The U.S. Food and Drug Administration has approved AstraZeneca Plc's drug, Iressa, as a first-line treatment for a common form of lung cancer. The drug was previously approved for use in non-small cell lung cancer patients only after they did not respond to chemotherapy. The FDA said the approval was based on results from a trial of 106 patients with previously untreated non-small cell lung cancer.More

Scientists uncover new genes that affect development and maintenance of blood stem cell
News-Medical.net
Even though the transplantation of blood stem cells, also known as bone marrow, has saved many lives over many decades, the genes that control the number or function of blood stem cells are not fully understood. In a study published in Stem Cell Reports, the USC Stem Cell labs of Hooman Allayee and Gregor Adams uncovered new genes that affect blood stem cell development and maintenance.More

Early lead exposure affects gene expression throughout life
Medical Xpress
A team of researchers led by North Carolina State University biologists Cathrine Hoyo and Randy Jirtle have found links between lead exposure in children and epigenetic alterations in regulatory regions of genes that are imprinted and known to be critical in growth regulation and brain development. These alterations seem to persist into adulthood, with more profound effects in males. More

FDA extends deadlines for chain restaurant to add calorie counts to menus
Entrepreneur
Restaurants across America just got a yearlong extension on when they are required to start counting calories. Last week, the FDA announced it would give chain restaurants, grocery stores and other outlets that sell prepared foods an extra year to add calorie counts to the menu, pushing the deadline from December 2015 to December 2016.More

Worries about HPV vaccine: European Union medicines agency investigating reports of rare but severe reactions
The Washington Post
The European Medicines Agency announced that it has launched a safety review of the three vaccines for human papillomavirus after receiving reports of serious adverse reactions in some young women. EMA officials said the incidents were rare, but that they were "concerned" by the severity of two types of conditions that had come to their attention. More

Beyond tech: The human side of remote monitoring and health call centers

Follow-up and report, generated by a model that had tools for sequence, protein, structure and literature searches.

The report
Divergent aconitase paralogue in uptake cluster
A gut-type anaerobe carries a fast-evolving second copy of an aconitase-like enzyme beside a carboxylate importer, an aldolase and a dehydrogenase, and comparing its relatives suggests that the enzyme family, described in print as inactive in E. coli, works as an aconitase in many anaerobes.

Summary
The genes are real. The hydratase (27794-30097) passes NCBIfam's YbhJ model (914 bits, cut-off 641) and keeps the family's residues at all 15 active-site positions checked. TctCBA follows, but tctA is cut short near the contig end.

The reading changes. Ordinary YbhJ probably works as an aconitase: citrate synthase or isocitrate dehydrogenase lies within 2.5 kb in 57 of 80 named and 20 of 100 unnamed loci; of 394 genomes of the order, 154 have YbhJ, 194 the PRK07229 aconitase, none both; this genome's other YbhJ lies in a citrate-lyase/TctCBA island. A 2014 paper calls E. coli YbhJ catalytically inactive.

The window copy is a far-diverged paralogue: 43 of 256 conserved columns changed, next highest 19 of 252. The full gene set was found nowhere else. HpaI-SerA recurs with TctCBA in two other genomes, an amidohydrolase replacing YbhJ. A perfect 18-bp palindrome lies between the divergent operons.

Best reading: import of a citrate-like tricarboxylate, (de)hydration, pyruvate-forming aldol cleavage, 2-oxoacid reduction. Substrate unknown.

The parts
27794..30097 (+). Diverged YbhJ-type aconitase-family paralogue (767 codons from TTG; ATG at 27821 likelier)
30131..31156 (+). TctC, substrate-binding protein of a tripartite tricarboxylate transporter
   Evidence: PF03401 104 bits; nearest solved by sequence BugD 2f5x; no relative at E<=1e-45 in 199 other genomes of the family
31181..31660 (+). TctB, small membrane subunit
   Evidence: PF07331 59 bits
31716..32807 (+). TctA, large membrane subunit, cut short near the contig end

By Karen R. Thomas
What comes to mind when you think about remote patient monitoring? The first thing most people think of are the various technologies that make this transfer of health data possible. They envision the remote monitoring devices that collect data such as weight, pulse, oxygen saturation, blood pressure, blood glucose readings and so on, and transmit that data back to a technology hub. What isn't often discussed, however, is the human element that is the real power behind this type of telehealth.More

Breast cancer warning to older women
BBC News
Many older women are unaware of some of the early warning signs of breast cancer, according to a survey. Fewer than half of the women over 70 who were questioned could name a symptom, apart from a lump.More

What finger length may say about your mental health
Everyday Health via Yahoo News
If your eyes are the windows to your soul, can your hands offer a peek into your mind? Possibly so, according to a recent study. Scientists in Turkey found that the length of a man’s finger — particularly the ratio between his index and ring fingers — may predict his risk for schizophrenia, a chronic, debilitating mental disorder characterized by hallucinations, delusions and disordered thinking and behavior.More

The reason why mental health disorders emerge in your early 20s
AOL
Mental health has become increasingly important among young adults. In fact, some gyms are even providing mental health counseling now. Between moving out of the house, going to college, starting your first job and ultimately starting a new chapter of your life, the path to becoming an adult is not an easy one.More